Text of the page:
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Johnson appeals to real estate world with non-partisan promise

Just three weeks into his new role as speaker of the City Council, Corey Johnson made his pitch to the construction industry as the official who will help them get things done.

Speaking at the New York Building Congress (NYBC) luncheon at the Pierre Hotel last week Johnson said, “We should think big. We

Newly elected New York City Council Speaker Corey Johnson addresses the New York Building Congress.

should do big things. We should focus on things that will make our city a global city and to address the pressing needs that face us in this given moment in time.”

Johnson’s campaign for City Council speaker garnered more than $63,000 in donations from real estate bigs last year, according to a report from Crain’s. Top officials from the Related Companies, DDG, Vornado, and the Brodsky Group all contributed to his campaign, along with several in the hotel and construction industries.

With a district that encompasses a vast range of neighborhoods and submarkets, including Chelsea, Hudson Yards, Columbus Circle, Hudson Square, Greenwich Village, and Flatiron, Johnson is directly involved in major projects like Moynihan Station, the Penn Station redevelopment, Hudson Yards, the Javits Center, and the St. John’s Terminal project.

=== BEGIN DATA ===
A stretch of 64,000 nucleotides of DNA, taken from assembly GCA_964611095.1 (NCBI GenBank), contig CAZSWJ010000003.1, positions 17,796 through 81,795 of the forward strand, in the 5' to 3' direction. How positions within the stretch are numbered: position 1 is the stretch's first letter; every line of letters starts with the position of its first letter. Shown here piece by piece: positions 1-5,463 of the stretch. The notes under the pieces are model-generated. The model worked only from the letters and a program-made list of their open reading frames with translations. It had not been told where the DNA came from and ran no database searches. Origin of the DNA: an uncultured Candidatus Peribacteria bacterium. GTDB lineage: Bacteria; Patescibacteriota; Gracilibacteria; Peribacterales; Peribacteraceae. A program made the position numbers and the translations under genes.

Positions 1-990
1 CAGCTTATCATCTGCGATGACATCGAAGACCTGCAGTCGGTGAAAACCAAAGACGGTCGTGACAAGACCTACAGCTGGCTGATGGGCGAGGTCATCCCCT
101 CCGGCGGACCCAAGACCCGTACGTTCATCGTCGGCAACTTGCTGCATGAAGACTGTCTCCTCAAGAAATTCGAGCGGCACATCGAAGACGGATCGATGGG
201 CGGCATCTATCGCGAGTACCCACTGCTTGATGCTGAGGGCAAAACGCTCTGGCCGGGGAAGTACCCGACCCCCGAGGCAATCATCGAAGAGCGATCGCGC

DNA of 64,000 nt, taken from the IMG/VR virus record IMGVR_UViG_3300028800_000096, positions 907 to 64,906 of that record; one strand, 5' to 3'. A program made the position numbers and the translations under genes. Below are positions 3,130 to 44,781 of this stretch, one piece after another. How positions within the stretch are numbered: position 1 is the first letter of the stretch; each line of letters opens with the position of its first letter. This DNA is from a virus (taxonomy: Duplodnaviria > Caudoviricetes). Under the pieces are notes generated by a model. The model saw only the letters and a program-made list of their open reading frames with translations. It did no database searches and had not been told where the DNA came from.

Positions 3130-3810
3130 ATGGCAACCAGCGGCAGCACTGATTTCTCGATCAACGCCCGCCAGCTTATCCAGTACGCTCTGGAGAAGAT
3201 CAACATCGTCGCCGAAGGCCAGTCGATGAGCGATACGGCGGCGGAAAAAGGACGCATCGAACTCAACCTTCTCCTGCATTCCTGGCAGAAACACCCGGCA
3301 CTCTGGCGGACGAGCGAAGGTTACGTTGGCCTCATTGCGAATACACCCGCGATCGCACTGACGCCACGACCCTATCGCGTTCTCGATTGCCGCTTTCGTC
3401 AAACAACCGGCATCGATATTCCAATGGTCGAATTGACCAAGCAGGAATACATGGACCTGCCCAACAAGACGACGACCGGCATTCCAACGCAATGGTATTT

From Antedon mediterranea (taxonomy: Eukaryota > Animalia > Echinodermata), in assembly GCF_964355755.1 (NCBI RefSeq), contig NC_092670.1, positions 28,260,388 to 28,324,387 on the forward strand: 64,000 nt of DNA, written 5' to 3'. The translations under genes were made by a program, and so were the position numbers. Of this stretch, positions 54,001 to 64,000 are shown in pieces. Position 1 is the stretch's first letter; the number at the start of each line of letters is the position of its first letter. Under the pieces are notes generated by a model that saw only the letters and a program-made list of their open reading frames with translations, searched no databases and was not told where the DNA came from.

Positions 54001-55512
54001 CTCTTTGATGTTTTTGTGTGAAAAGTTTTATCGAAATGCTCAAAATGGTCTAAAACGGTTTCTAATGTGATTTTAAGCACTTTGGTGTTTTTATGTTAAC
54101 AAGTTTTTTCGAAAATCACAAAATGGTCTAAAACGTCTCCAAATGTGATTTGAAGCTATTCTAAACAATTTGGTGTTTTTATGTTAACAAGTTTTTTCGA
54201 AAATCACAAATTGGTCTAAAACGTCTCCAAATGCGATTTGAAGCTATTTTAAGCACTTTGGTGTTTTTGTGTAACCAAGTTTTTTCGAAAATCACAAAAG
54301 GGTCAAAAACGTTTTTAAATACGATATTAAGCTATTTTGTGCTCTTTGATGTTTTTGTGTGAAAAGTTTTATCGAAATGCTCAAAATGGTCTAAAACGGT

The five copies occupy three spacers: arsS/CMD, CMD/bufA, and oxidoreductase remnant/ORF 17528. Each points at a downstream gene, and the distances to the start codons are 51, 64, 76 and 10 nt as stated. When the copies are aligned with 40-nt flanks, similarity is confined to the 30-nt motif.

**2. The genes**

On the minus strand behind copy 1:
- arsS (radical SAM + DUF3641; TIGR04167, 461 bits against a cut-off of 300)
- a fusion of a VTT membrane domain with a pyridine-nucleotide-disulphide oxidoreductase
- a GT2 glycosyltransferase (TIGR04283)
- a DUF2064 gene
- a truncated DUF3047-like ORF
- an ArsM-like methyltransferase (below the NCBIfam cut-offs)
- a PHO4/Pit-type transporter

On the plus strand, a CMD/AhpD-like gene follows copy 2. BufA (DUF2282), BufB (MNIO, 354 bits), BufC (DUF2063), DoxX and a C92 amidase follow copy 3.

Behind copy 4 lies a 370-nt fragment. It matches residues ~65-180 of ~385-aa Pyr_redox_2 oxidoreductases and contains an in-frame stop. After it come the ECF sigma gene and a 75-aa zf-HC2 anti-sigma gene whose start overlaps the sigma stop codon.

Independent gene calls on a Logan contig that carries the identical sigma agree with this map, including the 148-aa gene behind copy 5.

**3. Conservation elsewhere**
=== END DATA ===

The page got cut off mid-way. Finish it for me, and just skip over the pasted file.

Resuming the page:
In what amounted to almost a pep rally, he spoke loudly and energetically about wanting to work with the real estate and construction industries on updating aging infrastructure, pointing out that the City’s robust four year capital plan, which totals $68.6 billion, should be put to good use.

The new Speaker said many of New York’s most ambitious public infrastructure projects and mixed-use developments were at first considered to be impossible by many, owing to the complicated nature of construction and the high cost.

“But what we know is that we can do big things, and government cannot be an obstacle. Government needs to be a partner. So I come here today with an open hand, not a fist,” Johnson said.

Acknowledging that his political views were “more to the left” than most in the room, he said infrastructure projects are a “non-partisan” issue, and he is ready to work with the industry to get things done.

“We will not agree on everything, but I want you to know, I’m pragmatic, I’m someone who you can work with,” said Johnson.

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